Engage and Enable Blog

The aim of this blog is to show what’s happening at the Center for Neurotechnology among its faculty, student and staff members. To learn more about the center and its work, visit our Feature Stories page.


QWOP, an online game that challenges you to help a man runJeremiah Wander likes to use the online running game known as QWOP as an analogy for his research. 

In QWOP, you control an athlete using the Q, W, O and P keys on a keyboard to move a man’s calves and thighs. The game is incredibly challenging; when most people run or walk, it just happens without thinking about it.

Wander studies signals that people don’t normally control, with the aim to use those signals to eventually create an action, like making a hand move.

Lars Crawford, Brian Mogen, Tyler Libey and Dimitrios Gklezakos“Taking a startup from idea to reality is a daunting process” is the opening line to a press announcement related to vHAB, a student-led startup that won the Tech Sandbox Competition in 2014. The team just learned that they are one of 10 companies accepted into the 2015 Jones + Foster Accelerator program. And they probably wouldn’t argue with the “daunting” description, though they have sometimes made it look easy to observers.

Mickey Gendler talks about the future of assistive devices, his daily challenges

Gendler, in a still taken from a Wash State Assoc for Justice videoIt’s 90 degrees in Seattle and Mickey Gendler is one of the few people in the city who actually appreciates the heat. His temperature sensitivity is one of the things he’s living with, after a spinal cord injury that happened eight years ago.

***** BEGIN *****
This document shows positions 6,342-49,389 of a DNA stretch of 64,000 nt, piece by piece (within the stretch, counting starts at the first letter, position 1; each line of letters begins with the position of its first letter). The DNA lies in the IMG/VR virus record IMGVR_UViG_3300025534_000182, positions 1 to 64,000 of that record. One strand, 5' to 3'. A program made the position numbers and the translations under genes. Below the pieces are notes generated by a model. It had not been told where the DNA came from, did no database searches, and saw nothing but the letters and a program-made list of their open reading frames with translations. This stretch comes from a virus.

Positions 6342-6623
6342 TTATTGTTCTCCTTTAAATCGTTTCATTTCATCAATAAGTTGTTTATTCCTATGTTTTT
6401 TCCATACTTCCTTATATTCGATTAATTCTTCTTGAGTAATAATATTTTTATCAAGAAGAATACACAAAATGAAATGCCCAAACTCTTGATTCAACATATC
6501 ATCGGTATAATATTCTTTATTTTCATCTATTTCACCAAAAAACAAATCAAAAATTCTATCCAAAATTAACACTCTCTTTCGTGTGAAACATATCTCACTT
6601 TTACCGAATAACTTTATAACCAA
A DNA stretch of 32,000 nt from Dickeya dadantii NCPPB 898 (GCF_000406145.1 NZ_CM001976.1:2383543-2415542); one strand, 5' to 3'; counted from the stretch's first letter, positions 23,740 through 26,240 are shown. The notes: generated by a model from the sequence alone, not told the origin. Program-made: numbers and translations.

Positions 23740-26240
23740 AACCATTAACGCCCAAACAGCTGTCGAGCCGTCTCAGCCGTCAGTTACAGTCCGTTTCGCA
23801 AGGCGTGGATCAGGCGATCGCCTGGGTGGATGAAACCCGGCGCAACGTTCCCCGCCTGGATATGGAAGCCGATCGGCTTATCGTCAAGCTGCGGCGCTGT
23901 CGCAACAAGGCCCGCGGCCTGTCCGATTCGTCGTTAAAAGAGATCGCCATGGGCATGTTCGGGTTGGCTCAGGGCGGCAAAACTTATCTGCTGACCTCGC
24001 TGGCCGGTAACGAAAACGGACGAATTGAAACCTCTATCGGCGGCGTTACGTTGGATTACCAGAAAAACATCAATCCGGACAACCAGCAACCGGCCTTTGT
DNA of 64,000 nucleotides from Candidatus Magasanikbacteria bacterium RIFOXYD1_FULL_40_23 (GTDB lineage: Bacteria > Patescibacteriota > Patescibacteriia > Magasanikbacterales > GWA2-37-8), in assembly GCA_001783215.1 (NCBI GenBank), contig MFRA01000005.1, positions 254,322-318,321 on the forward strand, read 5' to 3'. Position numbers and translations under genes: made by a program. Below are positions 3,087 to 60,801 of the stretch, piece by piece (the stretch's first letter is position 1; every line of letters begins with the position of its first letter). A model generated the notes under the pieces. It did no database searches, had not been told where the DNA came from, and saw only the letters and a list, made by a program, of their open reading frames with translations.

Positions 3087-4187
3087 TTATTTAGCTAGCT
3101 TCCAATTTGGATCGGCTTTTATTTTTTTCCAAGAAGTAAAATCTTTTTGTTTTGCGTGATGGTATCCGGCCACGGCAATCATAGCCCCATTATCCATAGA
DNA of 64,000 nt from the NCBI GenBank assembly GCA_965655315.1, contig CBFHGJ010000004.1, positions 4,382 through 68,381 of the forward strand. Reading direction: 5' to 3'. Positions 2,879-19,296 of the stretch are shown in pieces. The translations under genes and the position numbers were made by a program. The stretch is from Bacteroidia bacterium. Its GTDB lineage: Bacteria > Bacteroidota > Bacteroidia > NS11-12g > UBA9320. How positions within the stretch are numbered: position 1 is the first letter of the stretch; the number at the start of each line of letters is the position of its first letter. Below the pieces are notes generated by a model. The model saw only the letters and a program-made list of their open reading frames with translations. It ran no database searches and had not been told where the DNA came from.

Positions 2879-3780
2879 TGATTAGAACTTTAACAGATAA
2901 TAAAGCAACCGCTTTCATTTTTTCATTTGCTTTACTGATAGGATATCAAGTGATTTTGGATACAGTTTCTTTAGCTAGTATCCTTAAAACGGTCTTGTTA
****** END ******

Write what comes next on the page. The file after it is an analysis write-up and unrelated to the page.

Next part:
“Before my injury, I would walk around the house in shorts and a t-shirt and set the thermostat at 62,” Gendler said. “My wife would be freezing. And now, she comes in and throws the windows open and claims I’m boiling her out of the house.”

Aiva, graduate student, helps Claudia in a SpikerBox workshopWorking in STEM (science, technology, mathematic and engineering) as a woman can be challenging.

Several high-profile news stories in the last month offer a peek at the sometimes uphill battle: “Comments on ‘girls’ in science highlight persistent gap in field” from The Boston Globe and “Science postdoc told to grin and bear prof’s wandering eye” from the Chicago Tribune.

A Young Scholars Program participant at work in the labThe Center for Sensorimotor Neural Engineering has hosted a total of 16 students in the Young Scholars Program (YSP), a model developed and supported by the National Science Foundation, over the last few years.

The YSP provides summer research experiences for high school students and aims to develop students’ knowledge and skills related to sensorimotor neural engineering.